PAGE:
ETA (September 13,2018): If you got here from the SCBWI PRO Insider newsletter, this post lists all of the posts with results related to our survey.
On March 15, 2018, Jeanette Bradley and I launched an anonymous, online survey with the goal of collecting data about author and illustrator compensation for school visits. (Sometimes called author visits). There are many aspects we could have chosen to investigate, but we needed to keep the survey focused so that people would fill it out, and we would be able to crunch the numbers and make sense of the data (This is a volunteer effort, after all).
Therefore, we limited this survey to residents of the U. S. who have at least one book published. It’s not that we didn’t want to go wider. We simply couldn't manage that much data.
You may wonder why Jeanette and I are the ones who ran this survey. I first had the idea to do this because I care deeply about school visits. I facilitate workshops to help authors and illustrators develop engaging school visit programs. One question I face in every workshop is “How much should I charge for school visits?” Or the even more troubling, “Wait. I should be paid for school visits?” Over and over again, I’ve stressed that authors and illustrators should be compensated fairly for their time. Yet, what is the “going rate?” What is fair?
I asked Jeanette Bradley to partner with me on this survey because her first career was as a policy researcher focused on studying housing and lending discrimination. She has experience writing and analyzing surveys about sensitive topics. This survey would not have been possible without Jeanette's expertise. Angie Isaacs, another KidLit person with advanced statistics experience also reviewed our results before we published them. Ultimately, however, Jeanette and I are responsible for the final reports, so any mistakes sit with us.
Summary of Important details:
Respondents had to be residents of the U. S.
Respondents must have at least one book published, either traditionally or indie/self-published.
Respondents must have done at least one school visit in the U.S. in the past year
All data was kept anonymous. No identifying information was collected, and the results are being reported in aggregate format.
To solicit survey respondents, we shared the original blogpost that launched the survey in various places on-line:
Our personal pages on Facebook.
Twitter. (We used the following hashtags to get more attention: #KidLitWomen, #KidLit, #MGLit, #YALit, #KidLitArt, and asked people to share/ retweeet widely).
Several SCBWI email groups/listservs.
The Authors Guild social media channels.
Thank you to everyone who took the time to complete our survey. We appreciate your time and honesty. In addition, many people wrote extensive comments about their experiences when given space to do so. We’ll try to cover the depth and breadth of experiences by sharing selected comments within our posts.
A note about gender, race, and ethnicity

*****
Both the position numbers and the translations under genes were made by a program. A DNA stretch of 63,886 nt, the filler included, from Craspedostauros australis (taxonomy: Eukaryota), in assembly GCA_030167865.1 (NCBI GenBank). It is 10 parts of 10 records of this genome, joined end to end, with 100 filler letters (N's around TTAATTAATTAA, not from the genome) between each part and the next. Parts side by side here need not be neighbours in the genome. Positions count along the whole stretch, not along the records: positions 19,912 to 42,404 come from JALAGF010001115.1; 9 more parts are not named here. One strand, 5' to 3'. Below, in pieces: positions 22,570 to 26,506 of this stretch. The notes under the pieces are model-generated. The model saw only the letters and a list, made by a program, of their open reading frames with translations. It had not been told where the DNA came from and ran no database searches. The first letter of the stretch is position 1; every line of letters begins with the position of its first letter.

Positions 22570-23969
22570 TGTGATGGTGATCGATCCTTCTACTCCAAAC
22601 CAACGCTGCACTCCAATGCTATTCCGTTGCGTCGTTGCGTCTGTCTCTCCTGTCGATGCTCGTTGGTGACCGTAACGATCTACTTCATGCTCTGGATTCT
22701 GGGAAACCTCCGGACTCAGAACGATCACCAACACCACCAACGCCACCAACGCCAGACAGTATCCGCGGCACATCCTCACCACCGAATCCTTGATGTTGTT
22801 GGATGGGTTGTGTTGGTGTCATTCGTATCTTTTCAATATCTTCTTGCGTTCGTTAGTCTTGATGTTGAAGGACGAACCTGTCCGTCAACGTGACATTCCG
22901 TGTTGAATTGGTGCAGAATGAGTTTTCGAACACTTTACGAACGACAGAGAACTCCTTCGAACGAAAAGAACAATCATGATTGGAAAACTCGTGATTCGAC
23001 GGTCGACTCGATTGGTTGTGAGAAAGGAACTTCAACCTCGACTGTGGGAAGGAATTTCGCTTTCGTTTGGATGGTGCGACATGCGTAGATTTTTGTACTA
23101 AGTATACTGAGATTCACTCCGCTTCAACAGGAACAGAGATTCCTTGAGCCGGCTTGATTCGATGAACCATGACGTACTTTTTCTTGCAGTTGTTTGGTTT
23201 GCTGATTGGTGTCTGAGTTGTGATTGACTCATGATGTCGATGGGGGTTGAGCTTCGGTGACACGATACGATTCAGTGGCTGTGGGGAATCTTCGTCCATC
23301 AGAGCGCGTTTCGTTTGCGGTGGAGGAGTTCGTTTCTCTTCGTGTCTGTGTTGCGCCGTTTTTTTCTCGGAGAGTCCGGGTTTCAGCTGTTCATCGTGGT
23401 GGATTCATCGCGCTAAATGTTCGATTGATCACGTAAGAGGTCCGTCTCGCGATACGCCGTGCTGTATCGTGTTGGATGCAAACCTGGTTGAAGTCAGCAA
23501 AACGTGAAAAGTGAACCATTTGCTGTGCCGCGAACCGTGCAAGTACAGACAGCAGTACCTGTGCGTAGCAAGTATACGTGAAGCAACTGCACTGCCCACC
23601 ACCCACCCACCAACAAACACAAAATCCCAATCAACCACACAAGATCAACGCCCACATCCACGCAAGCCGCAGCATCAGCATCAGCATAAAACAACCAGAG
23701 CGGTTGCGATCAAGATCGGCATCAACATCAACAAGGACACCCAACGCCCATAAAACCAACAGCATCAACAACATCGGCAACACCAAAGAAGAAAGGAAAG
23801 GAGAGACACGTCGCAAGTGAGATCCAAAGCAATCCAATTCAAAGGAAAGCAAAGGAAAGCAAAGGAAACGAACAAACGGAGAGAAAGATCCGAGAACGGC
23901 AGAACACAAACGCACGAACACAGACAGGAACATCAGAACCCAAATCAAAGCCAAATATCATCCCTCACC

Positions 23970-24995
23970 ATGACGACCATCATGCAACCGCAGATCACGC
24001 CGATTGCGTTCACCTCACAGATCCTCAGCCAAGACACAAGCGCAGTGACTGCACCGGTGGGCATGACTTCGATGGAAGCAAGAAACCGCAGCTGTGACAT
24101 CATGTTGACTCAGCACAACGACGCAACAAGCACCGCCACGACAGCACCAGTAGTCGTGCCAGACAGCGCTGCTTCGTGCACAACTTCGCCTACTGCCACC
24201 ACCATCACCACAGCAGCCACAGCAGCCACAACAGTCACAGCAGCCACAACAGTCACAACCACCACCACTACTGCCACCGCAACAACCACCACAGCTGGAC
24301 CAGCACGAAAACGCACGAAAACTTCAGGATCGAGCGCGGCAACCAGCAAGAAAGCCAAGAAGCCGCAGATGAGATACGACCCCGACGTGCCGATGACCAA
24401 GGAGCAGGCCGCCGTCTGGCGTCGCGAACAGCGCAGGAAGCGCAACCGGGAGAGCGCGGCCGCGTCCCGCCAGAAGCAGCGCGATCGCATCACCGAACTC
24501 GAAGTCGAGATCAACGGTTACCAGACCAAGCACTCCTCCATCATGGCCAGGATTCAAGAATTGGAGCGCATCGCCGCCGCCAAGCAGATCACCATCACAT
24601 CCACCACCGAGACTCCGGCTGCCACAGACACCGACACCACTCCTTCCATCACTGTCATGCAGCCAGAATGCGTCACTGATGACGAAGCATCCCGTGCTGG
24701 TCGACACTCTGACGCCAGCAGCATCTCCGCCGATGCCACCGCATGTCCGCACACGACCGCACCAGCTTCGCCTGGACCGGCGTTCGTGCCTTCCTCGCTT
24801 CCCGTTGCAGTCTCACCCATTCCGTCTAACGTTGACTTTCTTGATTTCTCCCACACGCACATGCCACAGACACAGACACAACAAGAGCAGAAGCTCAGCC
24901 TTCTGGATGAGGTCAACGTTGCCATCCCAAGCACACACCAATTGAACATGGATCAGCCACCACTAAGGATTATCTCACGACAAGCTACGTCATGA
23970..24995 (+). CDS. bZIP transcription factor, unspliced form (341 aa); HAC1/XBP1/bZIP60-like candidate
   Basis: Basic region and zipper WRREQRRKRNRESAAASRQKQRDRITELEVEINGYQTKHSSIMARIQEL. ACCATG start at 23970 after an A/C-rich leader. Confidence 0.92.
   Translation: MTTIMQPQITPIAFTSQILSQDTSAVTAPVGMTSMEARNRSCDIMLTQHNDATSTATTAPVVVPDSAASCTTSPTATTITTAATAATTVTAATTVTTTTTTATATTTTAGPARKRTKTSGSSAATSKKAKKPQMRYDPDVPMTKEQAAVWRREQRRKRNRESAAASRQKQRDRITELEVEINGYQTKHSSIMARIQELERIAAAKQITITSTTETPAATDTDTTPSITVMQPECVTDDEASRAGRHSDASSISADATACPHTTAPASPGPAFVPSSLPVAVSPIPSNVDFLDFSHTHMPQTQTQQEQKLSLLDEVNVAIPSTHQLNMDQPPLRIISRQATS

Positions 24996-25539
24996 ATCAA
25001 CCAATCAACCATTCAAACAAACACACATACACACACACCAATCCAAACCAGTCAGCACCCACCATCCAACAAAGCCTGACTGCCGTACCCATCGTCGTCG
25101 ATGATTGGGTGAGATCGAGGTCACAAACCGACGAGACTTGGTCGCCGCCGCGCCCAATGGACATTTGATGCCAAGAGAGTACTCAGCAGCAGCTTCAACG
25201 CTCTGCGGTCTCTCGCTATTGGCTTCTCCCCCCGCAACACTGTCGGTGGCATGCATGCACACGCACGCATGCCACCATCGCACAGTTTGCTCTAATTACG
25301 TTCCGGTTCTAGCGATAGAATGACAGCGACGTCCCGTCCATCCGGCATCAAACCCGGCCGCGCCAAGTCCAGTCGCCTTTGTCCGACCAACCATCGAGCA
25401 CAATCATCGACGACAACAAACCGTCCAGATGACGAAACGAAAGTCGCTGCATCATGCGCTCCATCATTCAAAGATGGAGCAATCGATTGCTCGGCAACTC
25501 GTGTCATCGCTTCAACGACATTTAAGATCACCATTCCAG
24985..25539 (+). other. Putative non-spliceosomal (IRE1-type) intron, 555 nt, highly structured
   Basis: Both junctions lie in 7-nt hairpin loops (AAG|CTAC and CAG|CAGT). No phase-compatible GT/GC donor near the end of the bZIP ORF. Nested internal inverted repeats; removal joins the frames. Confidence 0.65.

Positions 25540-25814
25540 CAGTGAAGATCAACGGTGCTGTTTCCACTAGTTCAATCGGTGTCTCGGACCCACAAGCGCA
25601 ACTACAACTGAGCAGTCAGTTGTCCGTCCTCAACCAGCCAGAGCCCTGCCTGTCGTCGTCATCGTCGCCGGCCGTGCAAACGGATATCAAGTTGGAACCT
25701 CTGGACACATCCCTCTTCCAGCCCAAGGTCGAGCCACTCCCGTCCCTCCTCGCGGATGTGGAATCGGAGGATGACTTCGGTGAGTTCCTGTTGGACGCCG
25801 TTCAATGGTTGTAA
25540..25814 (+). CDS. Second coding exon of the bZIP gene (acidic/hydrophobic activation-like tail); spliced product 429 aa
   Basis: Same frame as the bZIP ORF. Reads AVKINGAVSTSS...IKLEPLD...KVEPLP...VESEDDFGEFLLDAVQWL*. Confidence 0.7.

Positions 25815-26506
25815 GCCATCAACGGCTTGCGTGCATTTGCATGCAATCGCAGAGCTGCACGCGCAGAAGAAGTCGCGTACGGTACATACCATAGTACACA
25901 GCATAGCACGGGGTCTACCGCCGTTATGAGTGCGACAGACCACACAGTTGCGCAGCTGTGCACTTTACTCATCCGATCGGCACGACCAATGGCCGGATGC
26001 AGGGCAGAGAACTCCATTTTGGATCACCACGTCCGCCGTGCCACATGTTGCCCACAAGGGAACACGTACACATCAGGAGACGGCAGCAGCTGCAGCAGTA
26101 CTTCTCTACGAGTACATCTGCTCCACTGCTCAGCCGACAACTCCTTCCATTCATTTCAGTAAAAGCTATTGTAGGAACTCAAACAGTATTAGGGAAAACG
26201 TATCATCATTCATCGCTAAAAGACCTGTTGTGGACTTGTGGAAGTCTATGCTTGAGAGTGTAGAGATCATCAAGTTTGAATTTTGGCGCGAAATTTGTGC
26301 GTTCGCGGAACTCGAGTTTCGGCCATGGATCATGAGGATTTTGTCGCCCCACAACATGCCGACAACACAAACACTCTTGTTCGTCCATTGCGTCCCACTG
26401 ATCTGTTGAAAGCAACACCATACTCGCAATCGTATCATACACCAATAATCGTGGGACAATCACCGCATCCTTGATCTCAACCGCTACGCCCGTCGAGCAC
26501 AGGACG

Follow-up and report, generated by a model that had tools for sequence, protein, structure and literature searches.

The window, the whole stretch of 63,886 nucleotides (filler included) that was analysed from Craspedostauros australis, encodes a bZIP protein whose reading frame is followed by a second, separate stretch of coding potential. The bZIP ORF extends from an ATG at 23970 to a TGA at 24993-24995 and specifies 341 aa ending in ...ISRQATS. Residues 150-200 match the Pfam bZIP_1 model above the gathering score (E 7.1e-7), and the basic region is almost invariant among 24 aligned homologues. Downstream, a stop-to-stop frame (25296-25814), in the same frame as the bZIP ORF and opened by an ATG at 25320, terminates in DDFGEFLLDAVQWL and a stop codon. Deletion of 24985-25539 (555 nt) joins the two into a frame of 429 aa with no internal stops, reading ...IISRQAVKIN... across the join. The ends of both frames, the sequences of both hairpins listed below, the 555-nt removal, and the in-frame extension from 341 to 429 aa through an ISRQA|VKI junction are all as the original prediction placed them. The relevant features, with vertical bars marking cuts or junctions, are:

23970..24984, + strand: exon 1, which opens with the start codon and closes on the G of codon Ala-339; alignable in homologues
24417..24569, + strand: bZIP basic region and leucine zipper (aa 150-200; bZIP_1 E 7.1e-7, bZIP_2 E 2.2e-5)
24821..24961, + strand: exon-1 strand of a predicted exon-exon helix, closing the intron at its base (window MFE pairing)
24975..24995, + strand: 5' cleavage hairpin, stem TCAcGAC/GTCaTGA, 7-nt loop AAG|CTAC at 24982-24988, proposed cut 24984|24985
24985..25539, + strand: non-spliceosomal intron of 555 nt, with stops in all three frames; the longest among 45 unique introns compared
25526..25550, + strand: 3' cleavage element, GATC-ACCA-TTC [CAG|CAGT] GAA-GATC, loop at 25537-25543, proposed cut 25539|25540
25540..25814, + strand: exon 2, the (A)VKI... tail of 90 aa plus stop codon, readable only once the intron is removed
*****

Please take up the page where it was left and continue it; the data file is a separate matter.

People are subtle, complex, and multifaceted. Surveys are blunt instruments for measuring the breadth of human identity and experience. We recognize that gender is not binary, and neither is race/ethnicity. However, given the size of our survey, we have split our data into two categories on both of these identity variables, in order to protect the privacy of survey respondents.
We asked survey respondents to self-identify as one of these gender categories: male, female, non-binary, or a write-in “other” category. About one percent of respondents identified as non-binary; no respondents chose the write-in “other” category. Because there are a small number of respondents in the non-binary category, and we want to protect the privacy of respondents, we were faced with two choices. We needed to either exclude the non-binary respondents from the survey analysis, or we needed to combine them with a gender category that contained more responses.
We chose to combine the non-binary respondents with the respondents who identified as female, because we felt it was better to keep their data in the survey and identify what we had done than to erase a category of people from the survey. We combined non-binary respondents with female, rather than male, respondents, under the theory that they are both groups that experience systemic discrimination.
Race and ethnicity
We asked respondents to identify themselves with as many of the following race/ethnicity categories which they felt applied: American Indian or Alaskan Native, Asian or Pacific Islander, Black or African American, Hispanic or Latino, White / Caucasian, Other (please specify). Because some racial categories had only a handful of respondents, we chose to combine everyone who identified themselves as American Indian or Alaskan Native, Asian or Pacific Islander, Black or African American, Hispanic or Latino, as more than one category, or who wrote in that they identified as mixed-race, as a Person of Color or POC. (Note that respondents who wrote in that they were, for example, “Scotch-Irish” or “Ashkenazi Jewish” were coded as white). We realize this does not capture the rich complexity of racial and ethnic identity, but it is a small survey, intended to look at the general picture, and our goal is to protect the privacy of respondents while describing sensitive information.